The Mega Jack 800 used in quick and multi-service bridge installation, Belgium
Overview: ALE has successfully demonstrated its multi-service capabilities when performing the load-out and installation of the arc bridge, weighing 1,200t, using the Mega Jack 800 in Antwerp, Belgium, for De Vlaamse Waterweg. ALE had only one weekend to complete the operations; this was only possible by using the Mega Jack 800 as operation time is reduced.
Services Required: In order to complete the different techniques and operations, ALE ensured logistics were optimised to work with the limited room available on the barge. The bridge deck and arches were transferred from the construction supports onto 40 axle lines of SPMT with 4 PPUs in a configuration of 4 x 4 file 4/6 row. ALE then loaded-out the bridge deck, longitudinally from the fabrication site at Gent.
The bridge was then transported 75km with the SPMTs by barge to Antwerp on the Scheldt River. In order to pass under the low bridges on route, the arches of the bridge were positioned in pieces on top of the bridge deck with a restricted height.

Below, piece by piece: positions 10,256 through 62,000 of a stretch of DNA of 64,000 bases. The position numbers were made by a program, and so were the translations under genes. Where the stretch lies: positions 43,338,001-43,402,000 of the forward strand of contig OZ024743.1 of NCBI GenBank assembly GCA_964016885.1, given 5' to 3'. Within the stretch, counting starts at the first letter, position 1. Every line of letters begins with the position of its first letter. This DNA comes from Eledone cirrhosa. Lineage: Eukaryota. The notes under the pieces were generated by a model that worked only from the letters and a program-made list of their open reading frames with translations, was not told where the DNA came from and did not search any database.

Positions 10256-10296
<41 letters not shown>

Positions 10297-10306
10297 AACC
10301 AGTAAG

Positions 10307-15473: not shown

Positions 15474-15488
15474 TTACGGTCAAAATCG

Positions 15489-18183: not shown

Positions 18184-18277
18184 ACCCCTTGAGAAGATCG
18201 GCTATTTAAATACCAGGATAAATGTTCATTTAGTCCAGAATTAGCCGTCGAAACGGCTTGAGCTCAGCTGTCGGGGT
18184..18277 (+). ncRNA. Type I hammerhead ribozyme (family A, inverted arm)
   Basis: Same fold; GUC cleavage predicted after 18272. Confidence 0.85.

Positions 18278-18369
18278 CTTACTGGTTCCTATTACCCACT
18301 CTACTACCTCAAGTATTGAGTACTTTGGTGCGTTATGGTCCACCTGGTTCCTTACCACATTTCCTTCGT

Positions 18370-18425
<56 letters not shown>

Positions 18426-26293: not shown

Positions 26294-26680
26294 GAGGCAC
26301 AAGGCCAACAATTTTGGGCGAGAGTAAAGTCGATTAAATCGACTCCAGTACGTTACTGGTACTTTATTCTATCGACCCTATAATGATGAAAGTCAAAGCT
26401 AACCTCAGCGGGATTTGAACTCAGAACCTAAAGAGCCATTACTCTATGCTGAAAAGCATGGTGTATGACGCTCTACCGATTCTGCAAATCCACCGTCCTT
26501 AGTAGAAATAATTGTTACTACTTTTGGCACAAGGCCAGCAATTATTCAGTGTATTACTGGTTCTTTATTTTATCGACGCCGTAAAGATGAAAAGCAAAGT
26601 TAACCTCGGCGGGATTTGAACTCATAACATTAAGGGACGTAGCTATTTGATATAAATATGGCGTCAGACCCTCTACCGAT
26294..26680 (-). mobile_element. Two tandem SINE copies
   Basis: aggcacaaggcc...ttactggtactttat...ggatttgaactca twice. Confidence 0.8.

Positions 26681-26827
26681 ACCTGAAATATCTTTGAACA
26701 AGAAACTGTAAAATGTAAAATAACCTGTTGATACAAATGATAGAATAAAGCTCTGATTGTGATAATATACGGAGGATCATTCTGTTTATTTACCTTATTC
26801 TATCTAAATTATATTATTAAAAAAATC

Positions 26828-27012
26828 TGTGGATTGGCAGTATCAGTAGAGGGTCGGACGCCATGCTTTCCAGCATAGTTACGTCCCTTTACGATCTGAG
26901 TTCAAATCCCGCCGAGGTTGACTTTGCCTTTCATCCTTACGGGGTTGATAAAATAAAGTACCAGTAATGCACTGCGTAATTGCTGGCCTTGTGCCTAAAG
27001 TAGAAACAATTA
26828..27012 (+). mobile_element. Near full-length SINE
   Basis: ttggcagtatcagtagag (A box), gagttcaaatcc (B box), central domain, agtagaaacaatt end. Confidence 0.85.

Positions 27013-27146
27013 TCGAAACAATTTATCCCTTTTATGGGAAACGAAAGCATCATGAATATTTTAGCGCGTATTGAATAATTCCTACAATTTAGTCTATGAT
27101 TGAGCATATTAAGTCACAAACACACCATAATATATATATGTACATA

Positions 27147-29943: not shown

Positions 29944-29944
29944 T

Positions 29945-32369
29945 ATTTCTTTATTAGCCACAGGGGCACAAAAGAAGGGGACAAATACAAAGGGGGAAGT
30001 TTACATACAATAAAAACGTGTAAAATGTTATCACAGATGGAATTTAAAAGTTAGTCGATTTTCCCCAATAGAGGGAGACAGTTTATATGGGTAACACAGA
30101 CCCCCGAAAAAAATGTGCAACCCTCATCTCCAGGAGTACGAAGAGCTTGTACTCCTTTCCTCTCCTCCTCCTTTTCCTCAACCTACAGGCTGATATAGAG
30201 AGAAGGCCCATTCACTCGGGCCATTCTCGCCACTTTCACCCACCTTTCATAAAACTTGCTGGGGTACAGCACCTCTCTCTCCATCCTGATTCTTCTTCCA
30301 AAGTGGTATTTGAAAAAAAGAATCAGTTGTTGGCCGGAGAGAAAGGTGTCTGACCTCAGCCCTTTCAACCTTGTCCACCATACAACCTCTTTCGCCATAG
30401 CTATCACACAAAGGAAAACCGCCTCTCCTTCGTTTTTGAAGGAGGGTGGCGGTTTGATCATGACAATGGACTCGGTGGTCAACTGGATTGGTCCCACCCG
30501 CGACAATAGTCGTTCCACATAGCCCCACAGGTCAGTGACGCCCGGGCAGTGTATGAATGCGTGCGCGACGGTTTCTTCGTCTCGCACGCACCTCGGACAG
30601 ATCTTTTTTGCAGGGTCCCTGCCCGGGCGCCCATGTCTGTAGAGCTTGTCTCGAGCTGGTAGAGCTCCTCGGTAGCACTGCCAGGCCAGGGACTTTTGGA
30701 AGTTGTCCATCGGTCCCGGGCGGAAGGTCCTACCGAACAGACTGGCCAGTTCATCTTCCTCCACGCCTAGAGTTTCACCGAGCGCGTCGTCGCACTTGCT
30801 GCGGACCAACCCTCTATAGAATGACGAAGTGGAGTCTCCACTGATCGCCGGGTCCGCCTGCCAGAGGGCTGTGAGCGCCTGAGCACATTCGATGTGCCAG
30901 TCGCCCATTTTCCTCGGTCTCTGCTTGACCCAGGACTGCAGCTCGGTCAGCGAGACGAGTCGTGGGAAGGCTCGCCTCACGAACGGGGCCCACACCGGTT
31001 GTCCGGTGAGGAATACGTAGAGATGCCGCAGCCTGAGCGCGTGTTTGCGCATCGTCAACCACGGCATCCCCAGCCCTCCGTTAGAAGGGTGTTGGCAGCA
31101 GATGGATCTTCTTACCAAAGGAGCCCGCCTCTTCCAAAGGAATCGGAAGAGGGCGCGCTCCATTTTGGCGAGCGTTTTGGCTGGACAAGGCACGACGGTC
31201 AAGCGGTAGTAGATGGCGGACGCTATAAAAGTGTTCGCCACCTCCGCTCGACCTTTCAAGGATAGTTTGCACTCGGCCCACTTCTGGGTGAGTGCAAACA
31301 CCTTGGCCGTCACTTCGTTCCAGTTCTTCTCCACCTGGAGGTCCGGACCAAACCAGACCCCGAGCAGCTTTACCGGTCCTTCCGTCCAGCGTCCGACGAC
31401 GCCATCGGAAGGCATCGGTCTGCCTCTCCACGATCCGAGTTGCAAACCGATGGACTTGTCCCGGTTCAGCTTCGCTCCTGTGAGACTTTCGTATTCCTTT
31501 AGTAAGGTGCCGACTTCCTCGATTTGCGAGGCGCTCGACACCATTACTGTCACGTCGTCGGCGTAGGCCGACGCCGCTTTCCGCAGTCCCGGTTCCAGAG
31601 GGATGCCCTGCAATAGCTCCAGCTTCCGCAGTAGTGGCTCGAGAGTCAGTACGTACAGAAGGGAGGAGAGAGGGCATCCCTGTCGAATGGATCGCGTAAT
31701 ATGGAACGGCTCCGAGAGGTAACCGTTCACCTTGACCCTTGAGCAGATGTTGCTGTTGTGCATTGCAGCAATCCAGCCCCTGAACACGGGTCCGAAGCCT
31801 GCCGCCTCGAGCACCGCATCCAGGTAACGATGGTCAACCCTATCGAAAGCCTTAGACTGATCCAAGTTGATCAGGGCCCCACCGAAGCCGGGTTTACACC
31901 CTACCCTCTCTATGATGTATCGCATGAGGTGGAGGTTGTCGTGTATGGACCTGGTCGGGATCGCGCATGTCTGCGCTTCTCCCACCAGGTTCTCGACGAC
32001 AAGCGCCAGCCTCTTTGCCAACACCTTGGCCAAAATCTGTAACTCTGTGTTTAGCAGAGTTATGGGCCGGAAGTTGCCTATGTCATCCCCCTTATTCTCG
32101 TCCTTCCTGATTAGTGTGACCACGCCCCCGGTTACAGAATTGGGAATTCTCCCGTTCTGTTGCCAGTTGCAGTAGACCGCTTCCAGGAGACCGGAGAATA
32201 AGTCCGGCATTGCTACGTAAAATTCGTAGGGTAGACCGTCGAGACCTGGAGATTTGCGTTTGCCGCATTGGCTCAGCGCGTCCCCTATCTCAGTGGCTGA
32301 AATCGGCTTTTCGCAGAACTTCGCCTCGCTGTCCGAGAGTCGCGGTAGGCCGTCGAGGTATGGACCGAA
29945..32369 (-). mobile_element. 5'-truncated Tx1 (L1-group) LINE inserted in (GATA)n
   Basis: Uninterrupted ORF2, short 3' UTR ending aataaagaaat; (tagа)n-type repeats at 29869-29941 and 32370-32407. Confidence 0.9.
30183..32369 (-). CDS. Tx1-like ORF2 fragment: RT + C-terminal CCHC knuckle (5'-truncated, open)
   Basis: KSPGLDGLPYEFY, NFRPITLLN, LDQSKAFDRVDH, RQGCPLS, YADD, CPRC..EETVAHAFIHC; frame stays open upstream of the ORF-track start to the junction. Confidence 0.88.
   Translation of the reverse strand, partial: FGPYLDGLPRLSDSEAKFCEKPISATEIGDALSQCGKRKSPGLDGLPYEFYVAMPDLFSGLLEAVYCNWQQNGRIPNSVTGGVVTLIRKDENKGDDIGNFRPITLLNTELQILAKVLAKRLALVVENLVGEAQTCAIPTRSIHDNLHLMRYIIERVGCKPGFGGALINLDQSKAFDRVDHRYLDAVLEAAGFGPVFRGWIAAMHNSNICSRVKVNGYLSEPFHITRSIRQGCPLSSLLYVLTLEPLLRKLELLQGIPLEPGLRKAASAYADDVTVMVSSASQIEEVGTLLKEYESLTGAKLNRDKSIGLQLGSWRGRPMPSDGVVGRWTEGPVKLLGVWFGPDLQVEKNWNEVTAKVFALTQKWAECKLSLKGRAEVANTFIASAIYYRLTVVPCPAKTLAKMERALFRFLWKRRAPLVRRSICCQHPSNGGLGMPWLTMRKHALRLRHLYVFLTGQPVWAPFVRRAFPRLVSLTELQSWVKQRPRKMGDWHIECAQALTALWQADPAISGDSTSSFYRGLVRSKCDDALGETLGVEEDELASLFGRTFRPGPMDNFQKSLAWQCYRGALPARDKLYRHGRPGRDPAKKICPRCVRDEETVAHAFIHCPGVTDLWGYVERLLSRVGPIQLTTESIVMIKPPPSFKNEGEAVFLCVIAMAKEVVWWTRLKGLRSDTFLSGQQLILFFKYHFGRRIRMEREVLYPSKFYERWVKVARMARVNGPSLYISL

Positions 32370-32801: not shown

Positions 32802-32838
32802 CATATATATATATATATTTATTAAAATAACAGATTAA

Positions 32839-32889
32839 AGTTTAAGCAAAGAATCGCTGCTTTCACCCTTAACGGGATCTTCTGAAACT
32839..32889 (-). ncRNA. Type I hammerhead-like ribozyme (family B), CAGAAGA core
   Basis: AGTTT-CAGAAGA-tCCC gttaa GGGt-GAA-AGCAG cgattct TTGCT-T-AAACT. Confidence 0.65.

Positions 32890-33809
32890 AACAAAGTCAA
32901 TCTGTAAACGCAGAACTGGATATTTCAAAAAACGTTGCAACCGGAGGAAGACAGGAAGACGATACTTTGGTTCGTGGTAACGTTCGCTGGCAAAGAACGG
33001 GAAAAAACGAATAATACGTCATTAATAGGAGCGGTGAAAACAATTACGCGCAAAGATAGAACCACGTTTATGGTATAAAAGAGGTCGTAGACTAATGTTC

Once in Antwerp, the bridge was loaded-in transversally at the site near the final location. Here, the arches were fully assembled over three months and then the entire bridge structure was jacked-up using four 500t climbing jacks and loaded-out using 28 axle lines of SPMT in a configuration of 2 x 4 file 14. It was transported by barge 2.5km under high voltage lines to the final installation site.
The bridge was then installed into its final position. To position the bridge higher than the abutments, the bridge was jacked-up 8m using ALE’s Mega Jack 800 and strand lashing was installed to protect the bridge against the wind and ﬂoat-in forces. The Mega Jack 800 is one of the most stable jacking solutions on the market, making it the ideal solution that also increased safety.
ALE used tugboats to ﬂoat-in the bridge into its position, the bridge was then lowered by 3m in between the abutments, with a clearance of 160mm. The bridge was then set-down onto the temporary bearings.
A video of the operations can be viewed: